Read a new article for the 2017 Mining Indaba, 'Commodity prices and investment prospects for African countries in a brave new world.'
The first, SAIIA’s annual Roundtable for industry players, will take place on 7 February. It will center on how trusts can be used to achieve sustainable transformation that is genuinely more inclusive.
The recently-gazetted Mining Charter III stipulates trusts as the preferred vehicle through which workers and communities in the South African mining industry should receive benefits. Of the 26% black ownership stake required for companies to achieve empowerment status, 5% of that stake must be held in trusts. But how can trusts be designed and built to ensure that mineworkers and near-mine communities actually see benefits? A panel of experts representing the private sector, government and civil society will make short remarks on how best to achieve real empowerment in the industry. This will be followed by roundtable discussion and formulation of questions for the panel, after which the floor will be opened. The idea is to facilitate discussion on this important topic in a neutral space.
The second event, our Change Makers Forum on 9 February, is an annual high-level dialogue to promote extractive sector transformation in Africa. Co-hosted with the University of Cape Town’s Minerals to Metals Programme, it is a neutral platform for bridging the divisions that continue to polarise mining discussions across Africa. This year will focus on how the mining industry can help achieve the global Sustainable Development Goals, and how the Africa Mining Vision might provide a framework for this. Senior participants will work together to identify practical, concrete steps that can be taken to strengthen mining’s contribution to meeting the Goals. Similarly to our first event, roundtable discussions will follow the initial interventions to ensure as much audience participation as possible.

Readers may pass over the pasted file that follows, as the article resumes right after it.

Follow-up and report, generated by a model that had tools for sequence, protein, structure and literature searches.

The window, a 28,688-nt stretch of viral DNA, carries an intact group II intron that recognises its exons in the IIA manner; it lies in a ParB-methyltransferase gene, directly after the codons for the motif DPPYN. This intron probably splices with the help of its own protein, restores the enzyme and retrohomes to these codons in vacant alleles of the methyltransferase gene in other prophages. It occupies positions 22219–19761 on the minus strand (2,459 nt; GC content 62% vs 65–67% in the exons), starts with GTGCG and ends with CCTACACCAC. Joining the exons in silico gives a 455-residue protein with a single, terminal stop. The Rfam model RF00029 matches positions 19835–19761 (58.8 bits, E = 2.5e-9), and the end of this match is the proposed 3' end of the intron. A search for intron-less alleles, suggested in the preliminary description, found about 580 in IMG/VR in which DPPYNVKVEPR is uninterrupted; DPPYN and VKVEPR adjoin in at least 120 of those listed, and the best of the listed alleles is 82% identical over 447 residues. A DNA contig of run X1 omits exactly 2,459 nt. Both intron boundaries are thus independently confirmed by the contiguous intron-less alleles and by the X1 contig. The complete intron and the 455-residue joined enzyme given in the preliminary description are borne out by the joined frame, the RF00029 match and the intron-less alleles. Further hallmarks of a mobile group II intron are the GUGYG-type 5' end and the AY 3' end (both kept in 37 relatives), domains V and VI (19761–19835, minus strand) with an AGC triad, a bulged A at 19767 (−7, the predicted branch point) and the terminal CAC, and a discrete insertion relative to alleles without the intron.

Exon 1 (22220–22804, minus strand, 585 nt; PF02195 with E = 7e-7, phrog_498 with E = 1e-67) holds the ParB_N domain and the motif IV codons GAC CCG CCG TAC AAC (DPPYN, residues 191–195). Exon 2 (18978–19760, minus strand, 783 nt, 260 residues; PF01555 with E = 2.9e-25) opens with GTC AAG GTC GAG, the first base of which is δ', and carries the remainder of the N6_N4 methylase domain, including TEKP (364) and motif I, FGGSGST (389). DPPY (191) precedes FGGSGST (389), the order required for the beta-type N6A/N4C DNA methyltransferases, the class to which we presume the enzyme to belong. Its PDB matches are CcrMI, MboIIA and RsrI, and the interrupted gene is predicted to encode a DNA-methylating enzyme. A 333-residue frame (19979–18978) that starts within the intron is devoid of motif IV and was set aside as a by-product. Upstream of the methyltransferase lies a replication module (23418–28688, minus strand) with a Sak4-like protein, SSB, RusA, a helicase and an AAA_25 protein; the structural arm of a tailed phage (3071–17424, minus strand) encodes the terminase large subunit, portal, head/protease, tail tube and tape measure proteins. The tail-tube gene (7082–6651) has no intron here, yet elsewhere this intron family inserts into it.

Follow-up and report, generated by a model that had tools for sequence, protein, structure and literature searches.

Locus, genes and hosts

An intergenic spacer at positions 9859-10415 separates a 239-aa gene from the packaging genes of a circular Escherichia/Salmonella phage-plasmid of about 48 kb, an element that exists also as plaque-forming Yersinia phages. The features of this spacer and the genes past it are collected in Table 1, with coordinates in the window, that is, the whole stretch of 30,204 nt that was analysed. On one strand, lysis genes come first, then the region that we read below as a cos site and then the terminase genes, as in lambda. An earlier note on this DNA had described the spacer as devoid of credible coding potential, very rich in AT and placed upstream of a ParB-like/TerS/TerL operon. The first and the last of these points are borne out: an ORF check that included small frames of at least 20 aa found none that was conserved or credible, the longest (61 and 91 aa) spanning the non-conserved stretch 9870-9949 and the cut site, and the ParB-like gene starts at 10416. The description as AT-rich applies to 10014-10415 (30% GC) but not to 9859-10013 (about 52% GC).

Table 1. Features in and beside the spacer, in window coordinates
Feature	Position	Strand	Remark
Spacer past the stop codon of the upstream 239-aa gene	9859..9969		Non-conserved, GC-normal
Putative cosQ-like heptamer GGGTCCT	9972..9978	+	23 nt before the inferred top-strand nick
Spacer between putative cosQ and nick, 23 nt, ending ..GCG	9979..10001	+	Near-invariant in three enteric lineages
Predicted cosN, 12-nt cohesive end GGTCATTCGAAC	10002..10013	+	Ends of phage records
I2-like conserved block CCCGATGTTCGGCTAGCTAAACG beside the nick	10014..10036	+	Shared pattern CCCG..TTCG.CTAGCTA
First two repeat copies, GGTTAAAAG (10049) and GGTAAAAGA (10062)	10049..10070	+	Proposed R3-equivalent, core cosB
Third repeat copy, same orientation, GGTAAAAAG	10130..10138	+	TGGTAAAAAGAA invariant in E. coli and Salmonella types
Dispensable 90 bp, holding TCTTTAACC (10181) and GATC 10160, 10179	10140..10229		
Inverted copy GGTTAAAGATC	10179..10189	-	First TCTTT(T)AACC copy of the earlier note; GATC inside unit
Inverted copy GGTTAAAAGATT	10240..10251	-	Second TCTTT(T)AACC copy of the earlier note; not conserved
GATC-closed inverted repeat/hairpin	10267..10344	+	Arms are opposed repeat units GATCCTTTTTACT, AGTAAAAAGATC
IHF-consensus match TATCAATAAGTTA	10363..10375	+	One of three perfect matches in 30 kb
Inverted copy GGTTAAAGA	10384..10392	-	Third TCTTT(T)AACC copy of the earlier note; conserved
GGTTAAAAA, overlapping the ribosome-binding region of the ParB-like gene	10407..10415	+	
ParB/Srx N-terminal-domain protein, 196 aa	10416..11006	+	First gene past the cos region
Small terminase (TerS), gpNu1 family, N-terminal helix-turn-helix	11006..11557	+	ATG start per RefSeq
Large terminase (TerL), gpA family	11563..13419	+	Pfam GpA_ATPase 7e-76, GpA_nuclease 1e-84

SAIIA experts will also be available throughout the Indaba for comment on the unfolding events. Follow updates on Twitter using #SAIIAMining, or contact firstname.lastname@example.org for interviews.
The extractive industries remain a central component of many African countries' growth strategies. SAIIA’s Governance of Africa's Resources Programme (GARP) is committed to ensuring that mining contributes to inclusive and sustainable development.
We believe that how the industry is governed - at a continental, regional and country level - will largely determine whether the aspirations of inclusive, equitable and sustainable growth are realised. By inclusive we mean that access to economic opportunities flowing from mining should benefit a broad spectrum of the population. By equitable we mean that the benefit distribution should not be skewed towards favouring the elite. By sustainable we mean that both environmentally and financially, mining should not be an enclave industry that extracts and departs. It should generate benefits well beyond the life-of-mine and never damage the environment beyond repair, especially if the opportunity costs are high (in terms of ecotourism potential and biodiversity preservation, for instance). Both events that we are hosting contribute to these ends.
Related mining research
GARP has released several research papers that tackle the question of optimally governing extractive projects that yield development benefit at potential long-term cost to the environment, along with other mining research that speaks to the broader context of how to harness mineral extraction for inclusive and equitable development:
- 'Commodity prices and investment prospects for African countries in a brave new world'
- ‘Can workplace secondments build trust in the mining sector?’
- ‘Mineral rights, rents and resources in South Africa’s development narrative’
- ‘Aligning sustainable development goals with climate-resilient growth’
- ‘Corporate social responsibility in South Africa’s mining industry: An assessment’
- ‘Promoting the integrated governance of South Africa’s coastal zone’
- ‘Safeguarding Africa’s natural heritage: The case of mining in protected areas’
- ‘Increasing the economic value and contribution of protected areas in Africa’